Revue Internationale de Psychosociologie et de Gestion des Comportements Organisationnels (RIPCO)
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Volume XXVII • Issue 69 • 2021 (Already published)
Guest editor(s): Alice, Friser ; Stéphanie, Yates
Social acceptability: a matter of participatory democracy?
Faced with the growing local, national and sometimes international opposition to both private and public projects and decisions, it is difficult to reduce social acceptability to the judicious management of a project or the implementation of a policy at the time of its promotion or launch. Rather, social acceptability reflects people's judgment of these projects and policies, following a dynamic process of social construction in which alternatives to a given situation are formulated. To build social acceptability, entrepreneurs and public decision-makers must therefore take note of the way in which progress is envisaged by societal actors and can no longer be limited to mobilising the traditional process of representative democracy. In this sense, many hope to channel this dynamic through societal dialogue forums. But these participatory bodies of intermediate democracy can no longer play the peace-building role they are attributed, because they remain places of debate where world visions clash, which will ultimately have to be the subject of arbitration. The contributions in this special issue shed new light on the potential and challenges of these participatory bodies to build compromises that can influence the trajectories of social acceptability.
Issue content
Title :  Social acceptability, a question of participatory democracy?
Author(s) :  Alice, Friser ; Stéphanie, Yates
Abstract :  The construction of social acceptability, conceived as the collective judgement of the population concerning a given policy or project, is sometimes based on the participation of the social actors concerned in the discussions that inform public decision making. Intermediary democratic bodies where various participatory mechanisms are deployed thus play a key role in the emergence of acceptability. However, the question of the effects of participatory processes on the dynamics of social acceptability remains little studied today, whether by studies on social acceptability or those on public participation. Based on projects that raise environmental concerns, this special issue draws on the intersection of these two theoretical fields to analyze the impact of participatory democracy mechanisms on decision-making and the construction of social accessibility. The contributions thus make it possible to reflect on how intermediary democracy bodies contribute or not to social acceptability. More specifically, they explore the institutionalization of the concept as a new standard of public management. They also address the effects of the participatory processes deployed in these forums on a given project''s acceptability and the impact on the final decisions. In sum, this issue allows us to see to what extent participatory mechanisms offer the conditions for a constructive debate that will better channel the societal conflicts that some industrial projects or public policies generate, intending to construct compromises that are projected into a future vision of development.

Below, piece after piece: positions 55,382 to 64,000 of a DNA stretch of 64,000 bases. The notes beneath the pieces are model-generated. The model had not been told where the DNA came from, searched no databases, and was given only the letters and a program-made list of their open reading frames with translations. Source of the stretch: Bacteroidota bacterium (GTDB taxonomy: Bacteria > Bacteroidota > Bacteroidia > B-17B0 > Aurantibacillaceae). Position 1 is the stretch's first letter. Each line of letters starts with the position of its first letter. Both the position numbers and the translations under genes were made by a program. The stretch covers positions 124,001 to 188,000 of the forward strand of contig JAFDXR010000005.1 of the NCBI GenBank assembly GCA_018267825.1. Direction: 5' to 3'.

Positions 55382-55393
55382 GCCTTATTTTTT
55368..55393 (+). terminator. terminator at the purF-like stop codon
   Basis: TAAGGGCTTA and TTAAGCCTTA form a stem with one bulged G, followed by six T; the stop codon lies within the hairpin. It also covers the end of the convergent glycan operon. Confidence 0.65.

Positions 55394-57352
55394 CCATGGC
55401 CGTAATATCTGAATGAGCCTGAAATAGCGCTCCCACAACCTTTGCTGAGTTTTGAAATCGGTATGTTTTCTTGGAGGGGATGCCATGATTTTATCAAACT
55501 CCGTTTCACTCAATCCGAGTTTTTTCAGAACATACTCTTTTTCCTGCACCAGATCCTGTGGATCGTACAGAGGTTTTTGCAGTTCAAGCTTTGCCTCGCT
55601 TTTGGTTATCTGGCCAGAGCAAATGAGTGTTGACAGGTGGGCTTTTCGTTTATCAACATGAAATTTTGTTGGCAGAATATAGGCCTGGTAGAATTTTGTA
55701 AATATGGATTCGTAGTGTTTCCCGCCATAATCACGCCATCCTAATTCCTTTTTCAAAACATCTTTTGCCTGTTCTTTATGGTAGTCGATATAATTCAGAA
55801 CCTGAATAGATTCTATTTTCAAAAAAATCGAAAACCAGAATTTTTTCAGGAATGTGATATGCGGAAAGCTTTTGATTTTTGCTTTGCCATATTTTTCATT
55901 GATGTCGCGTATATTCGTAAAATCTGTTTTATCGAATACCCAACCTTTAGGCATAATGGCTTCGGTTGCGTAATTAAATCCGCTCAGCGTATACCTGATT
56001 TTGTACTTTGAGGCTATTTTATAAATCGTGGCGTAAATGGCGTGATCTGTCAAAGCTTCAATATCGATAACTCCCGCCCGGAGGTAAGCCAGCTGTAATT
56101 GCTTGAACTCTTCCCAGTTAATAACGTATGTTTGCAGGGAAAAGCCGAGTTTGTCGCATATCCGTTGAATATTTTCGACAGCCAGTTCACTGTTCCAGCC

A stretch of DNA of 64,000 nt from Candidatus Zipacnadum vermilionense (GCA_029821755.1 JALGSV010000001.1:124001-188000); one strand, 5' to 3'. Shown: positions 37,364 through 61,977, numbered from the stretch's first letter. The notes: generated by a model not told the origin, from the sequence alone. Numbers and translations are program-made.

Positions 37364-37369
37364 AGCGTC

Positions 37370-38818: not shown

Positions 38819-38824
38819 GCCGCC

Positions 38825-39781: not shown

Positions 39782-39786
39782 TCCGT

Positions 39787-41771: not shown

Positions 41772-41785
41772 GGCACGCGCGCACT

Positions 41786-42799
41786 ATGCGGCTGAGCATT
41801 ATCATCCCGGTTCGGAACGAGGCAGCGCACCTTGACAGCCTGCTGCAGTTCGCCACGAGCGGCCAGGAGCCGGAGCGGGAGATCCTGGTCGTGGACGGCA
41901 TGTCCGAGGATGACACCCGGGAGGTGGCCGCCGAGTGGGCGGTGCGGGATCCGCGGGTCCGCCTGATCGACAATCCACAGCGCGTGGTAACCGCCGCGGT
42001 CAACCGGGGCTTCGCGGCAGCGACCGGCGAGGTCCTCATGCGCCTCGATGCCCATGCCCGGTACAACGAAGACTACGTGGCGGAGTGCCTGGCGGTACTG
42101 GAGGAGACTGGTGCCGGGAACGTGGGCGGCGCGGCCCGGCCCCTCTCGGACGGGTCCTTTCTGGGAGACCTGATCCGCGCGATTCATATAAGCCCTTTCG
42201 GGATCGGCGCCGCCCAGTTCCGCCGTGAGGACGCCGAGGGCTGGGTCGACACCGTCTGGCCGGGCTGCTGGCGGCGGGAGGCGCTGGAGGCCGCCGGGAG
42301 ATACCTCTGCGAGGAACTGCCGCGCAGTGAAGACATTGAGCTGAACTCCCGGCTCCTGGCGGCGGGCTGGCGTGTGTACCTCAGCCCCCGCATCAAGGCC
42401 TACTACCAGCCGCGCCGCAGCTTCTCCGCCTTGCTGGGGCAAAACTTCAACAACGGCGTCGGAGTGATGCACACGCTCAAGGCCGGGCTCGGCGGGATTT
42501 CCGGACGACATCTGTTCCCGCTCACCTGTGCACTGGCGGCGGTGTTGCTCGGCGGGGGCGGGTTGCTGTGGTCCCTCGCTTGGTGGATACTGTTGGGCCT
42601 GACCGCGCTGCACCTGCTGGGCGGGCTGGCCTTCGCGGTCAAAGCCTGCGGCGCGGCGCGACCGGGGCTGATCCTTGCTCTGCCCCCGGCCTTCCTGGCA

Keywords:  social acceptability, participatory democracy, public participation, environmental controversies, public decision-making
Pages :  5 - 16
Type :  Editorial
URL Cairn:
Title :  Social acceptability in Québec: a new normative tool for public action
Author(s) :  Louis, SIMARD